- Primary dwelling has fire sprinklers. If the main house on the property has fire sprinklers, the ADU is required to have fire sprinklers. This situation is often the case in multifamily developments or high fire zones.
- ADU >1200 sqft. If your ADU is larger than 1200 sqft – which is allowed under Poway ADU rules – you will need to include a fire sprinkler system in your ADU.
- ADU is more than 140 ft from the street. This will vary by fire district, but generally if the rear of the ADU is more than 140′ from the curb, you will need to plan for fire sprinklers. See an example diagram from Carlsbad below explaining this “hose pull” requirement.
How much do fire sprinklers in an ADU cost?
You can include the design & install of a fire sprinkler system when planning for an ADU. The design & install of a fire sprinkler system will cost roughly $5-10K depending on the size of the dwelling unit. Another factor to consider when adding a sprinkler system is the increased flow rate required of the water lines servicing the ADU. This often requires the water line servicing the ADU to be connected just behind the water meter, rather than where the private water service connects to the primary residence.
In some cases, the existing water meter servicing the property is undersized and unable to provide adequate flow to the fire sprinkler system. This will result in a water meter upgrade (a $2K-$5K fee paid directly to the water district). Water meter upgrades may in turn trigger a water lateral upgrade if the existing publicly owned lateral is undersized ($25K-$35K depending on water main location in relation to meter). Read more about water connections for your ADU.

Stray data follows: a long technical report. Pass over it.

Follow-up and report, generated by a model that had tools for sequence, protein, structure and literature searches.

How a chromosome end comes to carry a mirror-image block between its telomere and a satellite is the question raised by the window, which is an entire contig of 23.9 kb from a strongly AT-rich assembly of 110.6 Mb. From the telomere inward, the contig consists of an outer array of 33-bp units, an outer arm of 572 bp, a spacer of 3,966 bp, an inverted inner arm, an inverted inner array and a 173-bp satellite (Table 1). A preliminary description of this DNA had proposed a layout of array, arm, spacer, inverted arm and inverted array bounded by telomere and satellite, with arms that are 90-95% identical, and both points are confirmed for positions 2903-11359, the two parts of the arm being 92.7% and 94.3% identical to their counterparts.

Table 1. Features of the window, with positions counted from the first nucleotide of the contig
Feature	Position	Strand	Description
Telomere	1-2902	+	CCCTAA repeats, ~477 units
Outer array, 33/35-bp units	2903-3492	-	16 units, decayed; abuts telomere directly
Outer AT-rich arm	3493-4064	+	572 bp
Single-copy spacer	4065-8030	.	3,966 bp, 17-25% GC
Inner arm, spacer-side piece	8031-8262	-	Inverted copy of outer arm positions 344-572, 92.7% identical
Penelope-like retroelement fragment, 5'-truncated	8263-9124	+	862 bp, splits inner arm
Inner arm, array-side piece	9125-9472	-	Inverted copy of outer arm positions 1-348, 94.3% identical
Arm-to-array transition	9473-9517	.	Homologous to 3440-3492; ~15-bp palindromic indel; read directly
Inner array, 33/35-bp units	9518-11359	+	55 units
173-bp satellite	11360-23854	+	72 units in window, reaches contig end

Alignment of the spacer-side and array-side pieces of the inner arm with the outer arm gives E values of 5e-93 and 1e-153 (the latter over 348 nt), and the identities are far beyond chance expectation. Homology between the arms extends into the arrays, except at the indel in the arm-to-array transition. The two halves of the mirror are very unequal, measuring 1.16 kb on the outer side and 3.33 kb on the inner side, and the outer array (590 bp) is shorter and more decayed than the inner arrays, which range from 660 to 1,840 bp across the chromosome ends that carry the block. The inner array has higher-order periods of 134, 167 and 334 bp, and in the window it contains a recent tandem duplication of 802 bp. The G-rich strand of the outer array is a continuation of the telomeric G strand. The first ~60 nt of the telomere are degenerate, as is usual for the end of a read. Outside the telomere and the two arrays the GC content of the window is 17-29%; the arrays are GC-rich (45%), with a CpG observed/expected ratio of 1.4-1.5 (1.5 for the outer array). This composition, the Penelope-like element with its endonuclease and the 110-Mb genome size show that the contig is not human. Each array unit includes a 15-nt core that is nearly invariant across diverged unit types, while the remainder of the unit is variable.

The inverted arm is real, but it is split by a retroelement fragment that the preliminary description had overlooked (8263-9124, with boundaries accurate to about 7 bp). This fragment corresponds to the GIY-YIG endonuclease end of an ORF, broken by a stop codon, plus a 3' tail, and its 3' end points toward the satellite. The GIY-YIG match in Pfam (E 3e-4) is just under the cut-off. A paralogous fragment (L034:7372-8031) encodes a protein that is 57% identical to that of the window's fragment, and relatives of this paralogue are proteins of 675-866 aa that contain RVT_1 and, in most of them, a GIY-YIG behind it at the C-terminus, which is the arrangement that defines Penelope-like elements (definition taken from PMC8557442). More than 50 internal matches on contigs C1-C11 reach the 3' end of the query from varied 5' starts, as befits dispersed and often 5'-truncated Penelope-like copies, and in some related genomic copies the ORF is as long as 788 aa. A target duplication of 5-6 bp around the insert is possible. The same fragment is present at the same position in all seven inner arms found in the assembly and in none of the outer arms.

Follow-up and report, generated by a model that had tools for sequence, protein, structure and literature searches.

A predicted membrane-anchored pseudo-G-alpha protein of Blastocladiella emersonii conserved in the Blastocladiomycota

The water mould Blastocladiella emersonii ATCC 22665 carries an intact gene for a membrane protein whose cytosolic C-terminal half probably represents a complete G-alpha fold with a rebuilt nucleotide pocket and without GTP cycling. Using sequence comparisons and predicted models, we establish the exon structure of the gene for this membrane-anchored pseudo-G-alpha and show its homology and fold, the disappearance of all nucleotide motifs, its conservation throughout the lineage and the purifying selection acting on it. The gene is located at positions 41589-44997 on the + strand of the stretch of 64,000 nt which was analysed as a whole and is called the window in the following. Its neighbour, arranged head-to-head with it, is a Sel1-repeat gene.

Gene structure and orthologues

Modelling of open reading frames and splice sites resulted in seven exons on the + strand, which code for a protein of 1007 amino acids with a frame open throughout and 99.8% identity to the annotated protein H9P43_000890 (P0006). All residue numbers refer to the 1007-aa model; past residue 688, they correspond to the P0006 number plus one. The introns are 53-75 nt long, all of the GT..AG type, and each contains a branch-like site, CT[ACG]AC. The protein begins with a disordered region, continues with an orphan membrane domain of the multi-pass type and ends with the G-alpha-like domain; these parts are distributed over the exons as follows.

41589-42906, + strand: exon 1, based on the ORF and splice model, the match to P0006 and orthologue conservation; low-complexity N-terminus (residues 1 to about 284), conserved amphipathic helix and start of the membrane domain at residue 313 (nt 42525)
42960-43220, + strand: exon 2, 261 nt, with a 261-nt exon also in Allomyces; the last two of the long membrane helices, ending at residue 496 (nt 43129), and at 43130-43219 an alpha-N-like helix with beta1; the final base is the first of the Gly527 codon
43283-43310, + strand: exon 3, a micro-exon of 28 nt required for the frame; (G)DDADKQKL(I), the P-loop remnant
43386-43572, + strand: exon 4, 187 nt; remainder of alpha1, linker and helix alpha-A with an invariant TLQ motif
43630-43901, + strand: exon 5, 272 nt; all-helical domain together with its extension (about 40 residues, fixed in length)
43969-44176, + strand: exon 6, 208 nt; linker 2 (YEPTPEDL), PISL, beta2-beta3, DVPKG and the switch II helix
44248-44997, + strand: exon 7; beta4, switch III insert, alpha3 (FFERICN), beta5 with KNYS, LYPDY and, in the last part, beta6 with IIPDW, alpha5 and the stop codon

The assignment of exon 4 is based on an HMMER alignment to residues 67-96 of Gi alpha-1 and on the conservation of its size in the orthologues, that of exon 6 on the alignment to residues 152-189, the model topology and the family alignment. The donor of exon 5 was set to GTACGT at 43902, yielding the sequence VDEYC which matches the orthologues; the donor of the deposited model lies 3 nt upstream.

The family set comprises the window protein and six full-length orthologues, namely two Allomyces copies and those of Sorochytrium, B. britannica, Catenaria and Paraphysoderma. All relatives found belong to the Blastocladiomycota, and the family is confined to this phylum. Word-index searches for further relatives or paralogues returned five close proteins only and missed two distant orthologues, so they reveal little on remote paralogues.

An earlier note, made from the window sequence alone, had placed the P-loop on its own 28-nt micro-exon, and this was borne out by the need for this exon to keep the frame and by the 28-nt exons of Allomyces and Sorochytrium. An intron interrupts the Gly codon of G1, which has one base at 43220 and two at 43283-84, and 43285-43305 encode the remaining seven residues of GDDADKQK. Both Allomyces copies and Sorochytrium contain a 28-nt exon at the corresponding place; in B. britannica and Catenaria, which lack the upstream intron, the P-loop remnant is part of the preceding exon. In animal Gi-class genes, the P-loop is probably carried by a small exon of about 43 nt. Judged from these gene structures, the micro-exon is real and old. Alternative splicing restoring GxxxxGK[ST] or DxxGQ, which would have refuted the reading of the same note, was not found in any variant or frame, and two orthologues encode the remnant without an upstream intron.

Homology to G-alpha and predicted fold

If the primary residence does not have an existing fire sprinkler system, it is likely that your water service does not have backflow prevention installed. A backflow device is a one-way valve that protects the public water system from contamination. If your property does not have a backflow prevention system installed, this will be required as a component of the ADU fire sprinkler system as well. Backflow prevention systems can range from $1.5K-$4K depending on the requirements of your jurisdiction.
It’s a lot to consider and we’d love to help you dive into more details. Tell us more about your project so we can provide our expert advice (for free!).
The information presented in this technical blog is based on our extensive expertise in the field, drawing from our hands-on experience in design, development, and implementation. While we strive to provide accurate and up-to-date information, it’s essential to note that the rapidly evolving nature of the ADU space may result in changes that could impact the details discussed here. At SnapADU, our goal is to equip our readers with valuable insights and practical knowledge to navigate the ever-changing accessory dwelling unit landscape. We encourage you to reach out to our experts for personalized guidance and to stay updated on the latest developments in the field.